Smiley v. Citibank (South Dakota), N. A.

RESPONDENT: Citibank (South Dakota), N. A.
LOCATION: Virginia Military Institute

DOCKET NO.: 95-860
DECIDED BY: Rehnquist Court (1986-2005)
LOWER COURT: Supreme Court of California

CITATION: 517 US 735 (1996)
ARGUED: Apr 24, 1996
DECIDED: Jun 03, 1996

Irving L. Gornstein - Argued the cause for the United States as amicus curiae, supporting the respondent, urging affirmance
Michael D. Donovan - Argued the cause for the petitioner
Richard B. Kendall - Argued the cause for the respondent

Facts of the case

Barbara Smiley, a resident of California, possessed credits cards issued by Citibank, a national bank located in South Dakota. Under certain circumstances, Citibank will issue late-payment fees. In 1992, Smiley brought a class action against Citibank on behalf of herself and other California holders of Citibank's credit cards, alleging that the late-payment fees charged by Citibank, although legal under South Dakota law, violated California law. In response, Citibank argued that a provision of the National Bank Act of 1864, which permits a national bank to charge its loan customers "interest at the rate allowed by the laws of the State... where the bank is located," pre-empted Smiley's state law claims. After accepting Citibank's argument that late-payment fees constituted "interest," the California Superior Court ruled in its favor. The California Superior Court Supreme Court affirmed.


Does the National Bank Act of 1864 authorize a national bank to charge late-payment fees that are lawful in the bank's home State but prohibited in the States where the cardholders reside?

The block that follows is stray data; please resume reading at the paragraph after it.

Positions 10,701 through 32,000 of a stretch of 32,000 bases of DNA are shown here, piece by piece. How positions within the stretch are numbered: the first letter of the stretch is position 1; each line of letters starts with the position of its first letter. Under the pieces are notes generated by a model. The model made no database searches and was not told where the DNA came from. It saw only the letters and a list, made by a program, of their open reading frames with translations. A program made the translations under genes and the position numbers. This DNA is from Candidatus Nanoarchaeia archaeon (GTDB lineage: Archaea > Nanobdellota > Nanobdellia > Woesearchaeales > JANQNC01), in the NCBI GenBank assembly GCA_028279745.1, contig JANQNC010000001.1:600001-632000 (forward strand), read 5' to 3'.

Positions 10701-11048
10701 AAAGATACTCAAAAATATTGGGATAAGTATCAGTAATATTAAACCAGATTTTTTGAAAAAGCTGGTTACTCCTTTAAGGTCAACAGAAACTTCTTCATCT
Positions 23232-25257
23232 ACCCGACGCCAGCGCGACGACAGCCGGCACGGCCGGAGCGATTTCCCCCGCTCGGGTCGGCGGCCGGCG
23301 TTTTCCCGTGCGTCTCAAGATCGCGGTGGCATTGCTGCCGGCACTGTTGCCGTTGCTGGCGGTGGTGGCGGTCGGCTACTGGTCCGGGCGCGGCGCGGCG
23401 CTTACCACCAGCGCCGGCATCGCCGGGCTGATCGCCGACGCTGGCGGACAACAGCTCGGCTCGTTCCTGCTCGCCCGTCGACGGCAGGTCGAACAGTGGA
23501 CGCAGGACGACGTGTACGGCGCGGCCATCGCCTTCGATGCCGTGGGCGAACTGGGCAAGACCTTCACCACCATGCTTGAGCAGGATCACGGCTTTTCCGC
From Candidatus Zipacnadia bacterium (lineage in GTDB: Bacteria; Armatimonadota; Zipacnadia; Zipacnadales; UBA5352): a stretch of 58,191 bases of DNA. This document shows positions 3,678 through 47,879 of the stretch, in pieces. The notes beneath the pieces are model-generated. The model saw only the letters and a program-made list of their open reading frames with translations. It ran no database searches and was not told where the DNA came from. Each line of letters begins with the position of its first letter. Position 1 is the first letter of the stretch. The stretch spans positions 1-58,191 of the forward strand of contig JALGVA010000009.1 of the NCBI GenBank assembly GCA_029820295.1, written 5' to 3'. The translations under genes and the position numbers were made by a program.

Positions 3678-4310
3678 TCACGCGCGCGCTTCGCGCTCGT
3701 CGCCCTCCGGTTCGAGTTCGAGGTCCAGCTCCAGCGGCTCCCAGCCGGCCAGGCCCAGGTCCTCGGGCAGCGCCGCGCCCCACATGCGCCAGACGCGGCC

Media for Smiley v. Citibank (South Dakota), N. A.

Audio Transcription for Oral Argument - April 24, 1996 in Smiley v. Citibank (South Dakota), N. A.

William H. Rehnquist:

We'll hear argument next in number 95-860, Barbara Smiley v. the CitiBank of South Dakota.

Mr. Donovan.

Michael D. Donovan:

Mr. Chief Justice, and may it please the Court:

This case concerns the meaning of the phrase 85 of the National Bank Act, which was passed by Congress originally in 1864.

In particular, this case brings before the Court the question of whether Congress intended "interest" and "rate" in that section... in that phrase to include some certain late fees that are not measured by time or based upon an unpaid balance or unpaid late payment, so as to preempt State contract laws, State laws governing liquidated damages that regulate such late fees in a borrower's home State.

The briefs of the parties here, Your Honors, have presented three contrasting views as to what Congress meant when it used the phrase 85.

In Petitioner's view, Congress meant a charge measured by time, based upon an unpaid balance.

In Respondent's view, Congress meant all lending charges; that is, all charges that have an impact upon the borrower/lender relationship so as to affect the yield that the lender receives from a loan.

There's a third contrasting view here, and that's presented by the Government that has filed an amicus brief in support of the bank in this case.